Tuesday, 23 November 2010

Russian Constitutional Court President Very Critical of Strasbourg Court

The president of Russia's Constitutional Court, Valery Zorkin, uttered very critical remarks at a forum in Saint Petersburg last Saturday. According to various press agencies (Itar Tass and Reuters) and newspapers (Kommersant) he indicated that Russia could withdraw from the jurisdiction of the European Court of Human Rights. This follows statements by the Constitutional Court that it wants to introduce mechanisms to protect national sovereignty which would permit national authorities not to execute ECtHR judgments if they would be contrary to the Russian Court's judgments. All of this takes place after criticism in Russia of the Strasbourg Court's findings of human rights violations in a whole series of cases in the last few years and more specifically the recent judgment in Markin, a case in which the European Court found that Russia violated the ECHR by discriminating against male soldiers asking for parental leave, a case originally decided by Mr Zorkin's Constitutional Court. In addition, the judgment in the politically very sensitive Yukos / Khodorkovski / Lebedev case is forthcoming.

One may add, that anonymous sources within the Kremlin immediately played down Zorkin's remarks and qualified it as a "backwards step".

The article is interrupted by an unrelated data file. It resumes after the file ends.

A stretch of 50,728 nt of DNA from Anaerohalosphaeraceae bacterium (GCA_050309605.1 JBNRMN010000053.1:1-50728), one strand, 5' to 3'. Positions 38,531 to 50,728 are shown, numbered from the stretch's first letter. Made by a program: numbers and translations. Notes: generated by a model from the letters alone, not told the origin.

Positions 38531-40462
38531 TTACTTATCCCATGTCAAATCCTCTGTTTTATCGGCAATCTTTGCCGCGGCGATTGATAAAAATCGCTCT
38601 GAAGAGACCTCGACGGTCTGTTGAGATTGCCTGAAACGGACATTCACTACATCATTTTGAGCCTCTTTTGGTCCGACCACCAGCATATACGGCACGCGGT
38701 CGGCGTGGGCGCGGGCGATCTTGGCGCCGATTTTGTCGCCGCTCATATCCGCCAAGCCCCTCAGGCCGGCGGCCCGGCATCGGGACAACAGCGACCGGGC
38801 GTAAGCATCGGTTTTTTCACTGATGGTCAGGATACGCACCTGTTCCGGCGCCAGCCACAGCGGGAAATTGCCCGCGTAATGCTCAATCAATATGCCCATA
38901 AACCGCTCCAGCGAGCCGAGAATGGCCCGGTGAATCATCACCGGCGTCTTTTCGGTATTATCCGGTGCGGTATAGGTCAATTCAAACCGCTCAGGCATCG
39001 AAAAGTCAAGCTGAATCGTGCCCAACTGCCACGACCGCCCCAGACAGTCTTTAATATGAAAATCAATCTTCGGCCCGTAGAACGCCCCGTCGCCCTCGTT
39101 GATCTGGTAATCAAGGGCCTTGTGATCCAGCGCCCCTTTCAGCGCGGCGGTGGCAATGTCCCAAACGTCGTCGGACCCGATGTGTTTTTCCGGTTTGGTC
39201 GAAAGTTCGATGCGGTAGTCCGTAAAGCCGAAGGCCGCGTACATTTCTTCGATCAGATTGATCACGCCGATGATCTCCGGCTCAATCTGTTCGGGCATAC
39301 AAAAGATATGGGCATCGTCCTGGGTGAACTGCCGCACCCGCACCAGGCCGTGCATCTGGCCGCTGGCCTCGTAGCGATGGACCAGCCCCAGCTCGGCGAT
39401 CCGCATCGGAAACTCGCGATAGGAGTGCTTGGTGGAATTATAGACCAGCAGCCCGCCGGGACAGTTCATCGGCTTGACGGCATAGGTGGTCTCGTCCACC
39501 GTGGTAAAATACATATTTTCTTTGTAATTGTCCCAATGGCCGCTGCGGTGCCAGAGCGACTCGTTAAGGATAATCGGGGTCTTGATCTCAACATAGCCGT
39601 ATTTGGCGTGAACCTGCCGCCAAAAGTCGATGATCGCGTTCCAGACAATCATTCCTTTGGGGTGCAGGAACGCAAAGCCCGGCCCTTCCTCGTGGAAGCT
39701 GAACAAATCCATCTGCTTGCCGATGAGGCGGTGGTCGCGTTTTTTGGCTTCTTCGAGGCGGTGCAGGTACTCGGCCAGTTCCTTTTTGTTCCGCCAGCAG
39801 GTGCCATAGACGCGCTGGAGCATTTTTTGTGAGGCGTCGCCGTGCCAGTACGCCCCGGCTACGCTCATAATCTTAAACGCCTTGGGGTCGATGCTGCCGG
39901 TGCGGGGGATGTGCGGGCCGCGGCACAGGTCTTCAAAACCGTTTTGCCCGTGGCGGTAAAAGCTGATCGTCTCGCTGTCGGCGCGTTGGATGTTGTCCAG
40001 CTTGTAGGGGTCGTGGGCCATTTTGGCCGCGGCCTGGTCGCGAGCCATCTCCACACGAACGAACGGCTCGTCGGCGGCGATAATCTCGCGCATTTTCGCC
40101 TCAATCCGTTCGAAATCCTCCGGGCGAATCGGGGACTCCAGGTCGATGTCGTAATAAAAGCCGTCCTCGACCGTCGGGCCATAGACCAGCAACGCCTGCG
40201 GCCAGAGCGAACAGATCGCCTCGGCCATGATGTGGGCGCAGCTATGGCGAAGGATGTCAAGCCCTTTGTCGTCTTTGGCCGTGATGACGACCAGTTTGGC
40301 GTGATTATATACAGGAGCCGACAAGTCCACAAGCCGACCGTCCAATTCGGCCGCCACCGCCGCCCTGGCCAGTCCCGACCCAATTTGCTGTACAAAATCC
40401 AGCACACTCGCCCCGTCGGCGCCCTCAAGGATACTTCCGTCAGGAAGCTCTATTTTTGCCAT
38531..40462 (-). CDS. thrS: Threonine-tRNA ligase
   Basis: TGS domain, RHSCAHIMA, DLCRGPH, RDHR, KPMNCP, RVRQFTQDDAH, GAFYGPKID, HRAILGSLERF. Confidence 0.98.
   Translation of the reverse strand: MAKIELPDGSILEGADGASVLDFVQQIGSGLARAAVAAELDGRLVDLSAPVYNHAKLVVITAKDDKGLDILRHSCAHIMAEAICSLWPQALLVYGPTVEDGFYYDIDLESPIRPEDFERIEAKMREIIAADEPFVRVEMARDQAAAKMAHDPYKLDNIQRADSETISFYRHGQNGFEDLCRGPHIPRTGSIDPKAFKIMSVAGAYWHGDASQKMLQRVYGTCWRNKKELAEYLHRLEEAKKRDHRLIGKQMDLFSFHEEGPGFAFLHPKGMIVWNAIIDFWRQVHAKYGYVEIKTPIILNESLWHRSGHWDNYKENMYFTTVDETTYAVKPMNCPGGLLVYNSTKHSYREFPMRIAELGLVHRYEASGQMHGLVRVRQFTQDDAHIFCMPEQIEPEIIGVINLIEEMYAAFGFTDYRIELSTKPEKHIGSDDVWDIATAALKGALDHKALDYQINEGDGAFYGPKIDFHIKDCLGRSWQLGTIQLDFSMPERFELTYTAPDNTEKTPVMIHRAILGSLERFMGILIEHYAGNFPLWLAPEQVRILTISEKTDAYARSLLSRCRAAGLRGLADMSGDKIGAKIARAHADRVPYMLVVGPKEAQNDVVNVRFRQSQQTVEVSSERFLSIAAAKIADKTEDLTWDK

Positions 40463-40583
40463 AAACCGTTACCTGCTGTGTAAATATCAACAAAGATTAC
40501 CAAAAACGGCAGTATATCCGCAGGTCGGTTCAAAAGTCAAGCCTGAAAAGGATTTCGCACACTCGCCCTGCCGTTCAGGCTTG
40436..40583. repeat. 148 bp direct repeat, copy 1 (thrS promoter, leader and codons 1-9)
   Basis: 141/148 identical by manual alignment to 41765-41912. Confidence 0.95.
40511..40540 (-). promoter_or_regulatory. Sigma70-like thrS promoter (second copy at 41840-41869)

3 comments:

Mihai Martoiu Ticu said...

This would be a crime. In the 50's Australia proposed an International Court for Human Rights, during the negotiations for UDHR. Soviet Union (and the rest of the powerful states) rejected the idea, for the same reason. In 1947, “the attitude of Soviet Russia on the subject became so clear and well defined as to justify the view that in the foreseeable future no Russian participation in an enforceable international bill of rights could be expected.”(Lauterpacht, International law and human rights, p.300.) In 1989, Russia retracted all its reservations regarding human rights treaties and accepted the compulsory jurisdiction of the ICJ. It would be a pity if this leap forward would be undone.

Mihai Martoiu Ticu said...

I meant the compulsory jurisdiction in respect with the human rights treaties, not that Russia signed the optional clause of the ICJ.

iuridika said...

Thanks for the post.

It would be very helpful to read English translation of President's speech in response to Mr. Zorkin's statements.

I'll be very thankful for publication if it's possible.